Ginger Boy still needs a home
By Kelly Sargent
Erin is graciously letting me hijack Tucker Law one more time to see if we can find a home for this little ginger boy. We thought we'd found a home for him, but they've gone quiet.
He's getting neutered and vaccinated on October 20, and we'll pick him up from southwest Iowa on the 30th. If you don't have room for him, will you ask friends and family if they might have room for him? Surely there's somebody somewhere who will love him.
By Kelly Sargent
I’m hoping you will excuse this personal note. I feel lucky to work for a law firm led by attorneys who are genuinely compassionate. They're letting me borrow this forum for a moment to look for a home for an abandoned cat.
Over course of a week, I was contacted by two different women, one from Lucas County, one from Oskaloosa, each looking for help finding a home for a cat. Thanks to a bucket brigade of people from South Carolina to Utah, we found a home for one of them, a sweet (so sweet) little Bengal whose pet parent had the magnanimity and moral courage to recognize that with five children of her own, seven daycare little ones and a dog in her home, it was too chaotic an environment for a cat to be happy.
She posted on Facebook's Cat Lover's Community, someone from Utah commented, and a friend who lives in South Carolina, alerted me that this kitty, currently in Oskaloosa, needed rehoming. I wrote about it, my husband Paul shared it, and a college friend of his saw it, and said, "I'll take her!"
I launched out for Oskaloosa with a kennel in the back of the van, we got her transferred by putting the owner's kennel open end to end with mine. She cried all the way home to my house.
I was feeling pessimistic about my chances — and hers. I'd been warned that she was a hider who would scratch and claw if I tried to get her out from wherever she would hide, but I didn't want to leave her in the kennel all afternoon until Paul got home and we could leave for Omaha. When I came back into the den half an hour later, she was invisible, but to my surprise, she called to me. She had climbed up into the top of a very tall closet where I would not have been able to remove her, and then contrary to what I had been led to expect, she warmed up quickly. Soon she was sitting next to me on the couch and finally laying in my lap purring.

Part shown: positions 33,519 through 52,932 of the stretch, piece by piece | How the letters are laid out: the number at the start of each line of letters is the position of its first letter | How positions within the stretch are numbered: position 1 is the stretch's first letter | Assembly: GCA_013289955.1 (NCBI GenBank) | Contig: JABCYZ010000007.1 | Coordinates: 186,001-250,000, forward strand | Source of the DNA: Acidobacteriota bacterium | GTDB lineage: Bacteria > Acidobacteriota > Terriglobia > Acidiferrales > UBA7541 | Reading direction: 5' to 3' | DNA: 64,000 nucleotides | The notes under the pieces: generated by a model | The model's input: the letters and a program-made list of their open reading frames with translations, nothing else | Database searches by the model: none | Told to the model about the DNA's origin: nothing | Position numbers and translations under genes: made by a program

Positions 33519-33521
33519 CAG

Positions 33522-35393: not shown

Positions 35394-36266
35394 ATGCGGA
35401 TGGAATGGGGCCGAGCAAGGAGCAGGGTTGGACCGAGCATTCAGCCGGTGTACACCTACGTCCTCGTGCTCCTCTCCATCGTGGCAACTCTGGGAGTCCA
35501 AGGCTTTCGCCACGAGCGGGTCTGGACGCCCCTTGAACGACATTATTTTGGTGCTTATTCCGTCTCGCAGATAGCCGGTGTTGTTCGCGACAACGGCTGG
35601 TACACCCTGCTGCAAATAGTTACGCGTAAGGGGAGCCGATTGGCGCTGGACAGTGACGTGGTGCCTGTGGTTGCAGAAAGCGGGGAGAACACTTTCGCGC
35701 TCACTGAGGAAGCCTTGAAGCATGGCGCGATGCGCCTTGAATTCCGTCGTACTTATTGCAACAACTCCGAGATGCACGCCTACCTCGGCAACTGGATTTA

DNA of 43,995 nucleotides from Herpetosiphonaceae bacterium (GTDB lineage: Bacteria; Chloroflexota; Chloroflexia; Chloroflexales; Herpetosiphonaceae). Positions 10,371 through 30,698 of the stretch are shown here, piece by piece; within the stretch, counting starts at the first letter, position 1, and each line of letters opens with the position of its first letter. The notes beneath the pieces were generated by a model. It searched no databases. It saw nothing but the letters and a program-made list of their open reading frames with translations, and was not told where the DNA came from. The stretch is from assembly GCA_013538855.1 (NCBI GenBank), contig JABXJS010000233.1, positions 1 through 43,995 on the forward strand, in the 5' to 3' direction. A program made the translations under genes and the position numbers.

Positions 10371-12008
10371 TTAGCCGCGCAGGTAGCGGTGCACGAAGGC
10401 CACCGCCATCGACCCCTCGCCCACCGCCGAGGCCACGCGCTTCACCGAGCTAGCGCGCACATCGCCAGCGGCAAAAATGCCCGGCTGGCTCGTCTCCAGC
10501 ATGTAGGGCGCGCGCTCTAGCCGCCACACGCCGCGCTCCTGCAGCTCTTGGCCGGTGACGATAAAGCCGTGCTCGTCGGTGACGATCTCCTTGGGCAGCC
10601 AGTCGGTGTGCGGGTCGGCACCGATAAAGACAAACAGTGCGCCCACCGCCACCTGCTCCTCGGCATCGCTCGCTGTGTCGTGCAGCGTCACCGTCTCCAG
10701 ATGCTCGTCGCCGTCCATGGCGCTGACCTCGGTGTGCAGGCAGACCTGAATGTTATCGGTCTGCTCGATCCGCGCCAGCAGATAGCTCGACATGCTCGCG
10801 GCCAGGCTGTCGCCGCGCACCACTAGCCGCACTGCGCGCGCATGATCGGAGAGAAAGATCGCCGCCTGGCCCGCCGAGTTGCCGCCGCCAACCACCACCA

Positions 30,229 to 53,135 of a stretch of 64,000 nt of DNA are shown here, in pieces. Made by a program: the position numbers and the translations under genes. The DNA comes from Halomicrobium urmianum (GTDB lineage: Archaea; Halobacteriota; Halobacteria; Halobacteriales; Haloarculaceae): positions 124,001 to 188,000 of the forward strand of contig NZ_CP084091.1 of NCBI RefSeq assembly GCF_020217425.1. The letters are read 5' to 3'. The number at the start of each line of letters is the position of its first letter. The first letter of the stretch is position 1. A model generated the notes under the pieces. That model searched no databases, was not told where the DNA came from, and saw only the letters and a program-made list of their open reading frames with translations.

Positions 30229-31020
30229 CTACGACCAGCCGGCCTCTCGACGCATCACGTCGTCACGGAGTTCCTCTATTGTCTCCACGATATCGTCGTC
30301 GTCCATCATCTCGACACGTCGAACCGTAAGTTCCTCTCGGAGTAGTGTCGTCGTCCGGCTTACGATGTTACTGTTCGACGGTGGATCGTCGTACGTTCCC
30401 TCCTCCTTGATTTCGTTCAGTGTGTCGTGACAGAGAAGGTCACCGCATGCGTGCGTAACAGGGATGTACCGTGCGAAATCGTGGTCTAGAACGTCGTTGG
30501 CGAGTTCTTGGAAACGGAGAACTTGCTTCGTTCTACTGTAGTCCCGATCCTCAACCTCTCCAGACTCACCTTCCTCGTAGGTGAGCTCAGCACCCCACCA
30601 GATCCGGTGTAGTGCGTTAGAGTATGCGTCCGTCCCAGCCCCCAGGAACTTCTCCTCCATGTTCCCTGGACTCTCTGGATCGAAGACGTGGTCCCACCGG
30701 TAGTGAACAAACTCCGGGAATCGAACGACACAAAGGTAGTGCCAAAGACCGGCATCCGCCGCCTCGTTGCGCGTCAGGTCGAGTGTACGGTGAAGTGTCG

The next challenge was getting her back into the kennel for transport. I wondered whether I could succeed or if I would finally meet the scratching, clawing cat I was warned about. I carried the cage back in the room, put the big blanket back in and sprayed it heavily with anti-anxiety cat pheromones. The aroma attracted her and she walked into the kennel of her own accord. Whew!
I told Paul that I thought we should be silent on the drive because from Oskaloosa to our house, talking to her only made her cry louder. We drove half the way not speaking, but I couldn’t bear how miserable she sounded, so I climbed into the back of the van and opened the cage to see what would happen. She climbed up in my lap and stopped crying! I petted her all the way to Omaha.
She is now happily ensconced in her new home where she is the only pet and utterly adored.
Now we need to find a home for this sweet little ginger boy picture above who was dumped on a gravel road far out in rural Iowa. The woman who found him is caring for him, but can't afford to keep him. Can you help me form another bucket brigade and find him a home? I will drive him anywhere within a day's drive of Des Moines. He will already have been neutered and vaccinated.
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